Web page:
“The Metaverse might feel intimidating to some, but change ultimately breeds innovation. Blockchain has the potential to alter how consumers interact with everything around them, from the products they use to the real estate they hold. . The early adopters of alternative technologies like digital real estate assets will ultimately reap the rewards in the long run and will spearhead a domino effect of innovation in the property industry.”

Garrett O’Hara, CTO APAC, Mimecast

Garrett O’Hara
Garrett O’Hara, CTO APAC, Mimecast

“With recent high-profile attacks, there’s no doubt that cybersecurity and using the latest tech to combat cybercrime should be on the top of SME’s agendas as we move into a new year – in fact, commencing a new year is even more of a reason to audit processes and implement change.

“According to Mimecast’s 2022 State of Ransomware Readiness report 70 per cent of Australian cyber security leaders say the number of cyber-attacks against their company has increased since last year, and it’s concerning to see one in five Australian businesses reporting six or more ransomware attacks in the past year – higher than any other country surveyed.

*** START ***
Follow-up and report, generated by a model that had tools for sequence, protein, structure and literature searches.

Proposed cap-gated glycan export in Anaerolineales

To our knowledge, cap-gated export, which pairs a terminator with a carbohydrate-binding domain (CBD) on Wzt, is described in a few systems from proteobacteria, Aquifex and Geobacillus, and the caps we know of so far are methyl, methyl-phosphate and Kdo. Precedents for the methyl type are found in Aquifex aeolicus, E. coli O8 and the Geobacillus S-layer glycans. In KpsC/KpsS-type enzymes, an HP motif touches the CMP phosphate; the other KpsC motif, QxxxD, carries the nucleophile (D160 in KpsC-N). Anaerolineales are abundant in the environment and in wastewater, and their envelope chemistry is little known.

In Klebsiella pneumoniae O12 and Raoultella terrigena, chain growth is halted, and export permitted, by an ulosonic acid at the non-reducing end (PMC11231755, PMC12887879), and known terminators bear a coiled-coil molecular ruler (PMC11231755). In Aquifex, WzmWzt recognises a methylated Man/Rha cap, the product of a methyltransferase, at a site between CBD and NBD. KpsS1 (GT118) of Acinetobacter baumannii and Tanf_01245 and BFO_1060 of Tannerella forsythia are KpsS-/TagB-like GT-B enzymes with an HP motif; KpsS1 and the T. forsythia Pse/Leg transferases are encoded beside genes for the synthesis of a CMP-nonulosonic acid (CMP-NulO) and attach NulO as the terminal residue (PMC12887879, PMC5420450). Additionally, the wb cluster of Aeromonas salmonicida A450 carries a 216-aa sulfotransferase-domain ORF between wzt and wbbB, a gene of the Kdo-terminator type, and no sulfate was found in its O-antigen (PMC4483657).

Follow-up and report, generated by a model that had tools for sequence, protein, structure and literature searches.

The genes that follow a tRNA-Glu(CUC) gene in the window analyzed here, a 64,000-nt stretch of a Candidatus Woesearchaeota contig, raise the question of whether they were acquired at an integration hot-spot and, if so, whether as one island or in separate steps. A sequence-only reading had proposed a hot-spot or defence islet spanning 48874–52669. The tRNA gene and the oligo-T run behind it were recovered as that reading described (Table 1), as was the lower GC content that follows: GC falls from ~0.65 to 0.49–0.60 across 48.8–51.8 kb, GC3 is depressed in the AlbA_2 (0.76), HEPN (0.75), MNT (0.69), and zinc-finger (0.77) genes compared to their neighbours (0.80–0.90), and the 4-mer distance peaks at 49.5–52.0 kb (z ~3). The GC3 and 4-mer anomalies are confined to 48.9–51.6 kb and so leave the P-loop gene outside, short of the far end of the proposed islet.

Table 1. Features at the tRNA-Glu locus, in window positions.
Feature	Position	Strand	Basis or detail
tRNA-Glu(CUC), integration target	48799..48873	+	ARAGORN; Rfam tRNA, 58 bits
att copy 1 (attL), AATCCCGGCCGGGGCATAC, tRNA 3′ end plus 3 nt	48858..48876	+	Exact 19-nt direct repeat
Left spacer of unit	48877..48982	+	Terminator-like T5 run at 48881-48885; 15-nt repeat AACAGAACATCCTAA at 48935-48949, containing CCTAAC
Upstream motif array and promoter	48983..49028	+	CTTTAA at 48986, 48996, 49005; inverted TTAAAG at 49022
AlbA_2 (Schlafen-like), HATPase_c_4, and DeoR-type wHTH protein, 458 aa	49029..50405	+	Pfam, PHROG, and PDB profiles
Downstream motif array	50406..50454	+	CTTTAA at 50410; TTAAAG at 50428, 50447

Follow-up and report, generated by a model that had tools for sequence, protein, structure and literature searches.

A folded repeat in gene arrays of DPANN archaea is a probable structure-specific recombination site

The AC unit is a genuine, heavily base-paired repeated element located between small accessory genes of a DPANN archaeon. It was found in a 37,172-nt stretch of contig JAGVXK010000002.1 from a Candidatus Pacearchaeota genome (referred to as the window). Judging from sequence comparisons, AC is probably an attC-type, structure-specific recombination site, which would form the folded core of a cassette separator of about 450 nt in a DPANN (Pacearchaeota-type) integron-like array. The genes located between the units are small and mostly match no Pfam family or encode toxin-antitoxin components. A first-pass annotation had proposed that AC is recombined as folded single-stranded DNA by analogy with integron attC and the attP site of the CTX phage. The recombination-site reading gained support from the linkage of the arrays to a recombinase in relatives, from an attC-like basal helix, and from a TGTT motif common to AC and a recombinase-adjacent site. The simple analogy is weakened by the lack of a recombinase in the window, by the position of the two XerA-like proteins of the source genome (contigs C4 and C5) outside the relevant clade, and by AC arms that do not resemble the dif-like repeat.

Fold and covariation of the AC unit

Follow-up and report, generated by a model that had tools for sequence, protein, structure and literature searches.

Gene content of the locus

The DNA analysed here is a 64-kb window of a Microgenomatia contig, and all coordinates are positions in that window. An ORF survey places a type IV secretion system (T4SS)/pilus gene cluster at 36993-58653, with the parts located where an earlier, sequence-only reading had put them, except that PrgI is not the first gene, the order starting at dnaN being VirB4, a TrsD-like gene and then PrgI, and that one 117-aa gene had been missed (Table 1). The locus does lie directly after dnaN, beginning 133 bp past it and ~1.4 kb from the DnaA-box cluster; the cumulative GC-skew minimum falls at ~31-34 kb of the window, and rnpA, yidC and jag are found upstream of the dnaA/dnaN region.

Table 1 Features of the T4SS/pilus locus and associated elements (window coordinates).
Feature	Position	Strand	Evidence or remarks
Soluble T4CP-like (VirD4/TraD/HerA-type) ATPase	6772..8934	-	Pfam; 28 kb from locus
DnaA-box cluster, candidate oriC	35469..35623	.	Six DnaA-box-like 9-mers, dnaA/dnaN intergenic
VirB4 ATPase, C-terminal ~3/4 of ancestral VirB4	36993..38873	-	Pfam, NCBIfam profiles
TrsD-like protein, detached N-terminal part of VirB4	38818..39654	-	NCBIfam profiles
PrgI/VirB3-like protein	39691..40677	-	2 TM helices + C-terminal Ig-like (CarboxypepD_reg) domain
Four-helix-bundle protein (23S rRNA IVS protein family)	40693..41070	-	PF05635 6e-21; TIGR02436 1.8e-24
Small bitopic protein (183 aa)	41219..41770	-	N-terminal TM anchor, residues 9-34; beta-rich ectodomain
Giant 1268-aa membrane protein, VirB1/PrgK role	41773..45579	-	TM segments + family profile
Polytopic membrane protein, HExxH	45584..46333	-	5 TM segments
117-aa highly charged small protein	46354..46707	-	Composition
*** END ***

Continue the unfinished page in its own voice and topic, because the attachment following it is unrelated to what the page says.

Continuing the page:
“To avoid becoming a statistic, and with email remaining a vital communication tool for many SME’s, they need to utilise technology that provides strong defence and helps prevent any malicious activity, as remote/hybrid work continues to be the trend in 2023. Multi-factor authentication and use of biometrics are a couple of techniques SME’s can put in place quickly. They should ensure all devices are secure with endpoint security in place. SME’s also might consider working with a trusted IT service provider to manage all the requirements, allowing business to operate safely and smoothly.”

Greg Newham, Director, Verizon Connect

Greg Newham
Greg Newham, Director, Verizon Connect

“The development of new technologies is changing the day-to-day operations for SMEs. As many small businesses in critical industries depend on vehicle fleets to carry out business, one of the top technology trends emerging in 2023 are connected technologies which have the potential to lead to a safer driving experience and road usage. The Boston Consulting Group predicts, connected vehicles will make up 53 per cent of all road traffic by 2025.